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Verity Relph

MA work

Title of Dissertation: The Medieval Tower-house Transformed: Gentry Housing in the English West March, 1540-1603

The fortified towers or ‘pele towers’ of the Anglo-Scottish border have generally been discussed in relation to the violent activities of the ‘reivers’ in the centuries leading up to the Union of the Crowns, and there has been little attempt to bring the region, its people and architecture into wider debates about the ‘age of transition’.

I set out to uncover what happened to these late medieval towers in the sixteenth century, to explore how members of the gentry adapted their existing strongholds to meet the demands of the modern age. Focusing on the English West March, which consisted of the counties of Cumberland and Westmorland, my dissertation argues that the alterations that were made shadowed cultural and architectural developments taking place throughout England at this time. However, it also points to the persistence of defensive features and local planning methods. Rather than dismissing these elements as anachronistic, it interprets them as a conscious choice on the part of owners and as articulations of a distinct regional identity.

One of my fundamental aims was to engage with these buildings first-hand, to try to understand what drove specific design decisions. I also employed probate inventories to explore how the spaces within them were experienced and thought about. Crucially, I wanted to think about these houses in relation to the men who remodelled them, to consider what their building work can tell us about their values and aspirations and about their relationship to their locality and their country at large.

Info

  • Verity Relph profile image
  • MA Degree

    School

    School of Humanities

    Programme

    MA History of Design, 2013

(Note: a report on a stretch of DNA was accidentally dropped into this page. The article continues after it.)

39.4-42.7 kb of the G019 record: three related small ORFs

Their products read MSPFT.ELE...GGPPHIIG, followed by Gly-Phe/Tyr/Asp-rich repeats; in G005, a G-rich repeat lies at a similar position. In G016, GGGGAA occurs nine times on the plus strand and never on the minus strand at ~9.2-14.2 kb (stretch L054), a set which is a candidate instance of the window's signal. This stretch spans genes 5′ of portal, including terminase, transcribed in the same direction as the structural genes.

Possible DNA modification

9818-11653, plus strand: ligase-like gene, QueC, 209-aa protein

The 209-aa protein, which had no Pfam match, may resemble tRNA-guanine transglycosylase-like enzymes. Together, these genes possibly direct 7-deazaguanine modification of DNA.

• Title of Dissertation: The Medieval Tower-house Transformed: Gentry Housing in the English West March, 1540-1603

    The fortified towers or ‘pele towers’ of the Anglo-Scottish border have generally been discussed in relation to the violent activities of the ‘reivers’ in the centuries leading up to the Union of the Crowns, and there has been little attempt to bring the region, its people and architecture into wider debates about the ‘age of transition’.

    I set out to uncover what happened to these late medieval towers in the sixteenth century, to explore how members of the gentry adapted their existing strongholds to meet the demands of the modern age. Focusing on the English West March, which consisted of the counties of Cumberland and Westmorland, my dissertation argues that the alterations that were made shadowed cultural and architectural developments taking place throughout England at this time. However, it also points to the persistence of defensive features and local planning methods. Rather than dismissing these elements as anachronistic, it interprets them as a conscious choice on the part of owners and as articulations of a distinct regional identity.

    One of my fundamental aims was to engage with these buildings first-hand, to try to understand what drove specific design decisions. I also employed probate inventories to explore how the spaces within them were experienced and thought about. Crucially, I wanted to think about these houses in relation to the men who remodelled them, to consider what their building work can tell us about their values and aspirations and about their relationship to their locality and their country at large.

  • Degrees

  • BA (Hons), History of Art, University of York, 2010
  • Experience

  • Volunteer, European Galleries Project, Victoria & Albert Museum, London, 2013; Volunteer researcher, Fenton House, National Trust, London, 2012; Volunteer, The Bowes Museum, Barnard Castle, 2011; Internship, Lyon and Turnbull Auctioneers, Edinburgh, 2011
  • Awards

  • Winner, Oliver Ford Trust Scholarship, Royal College of Art, 2011–13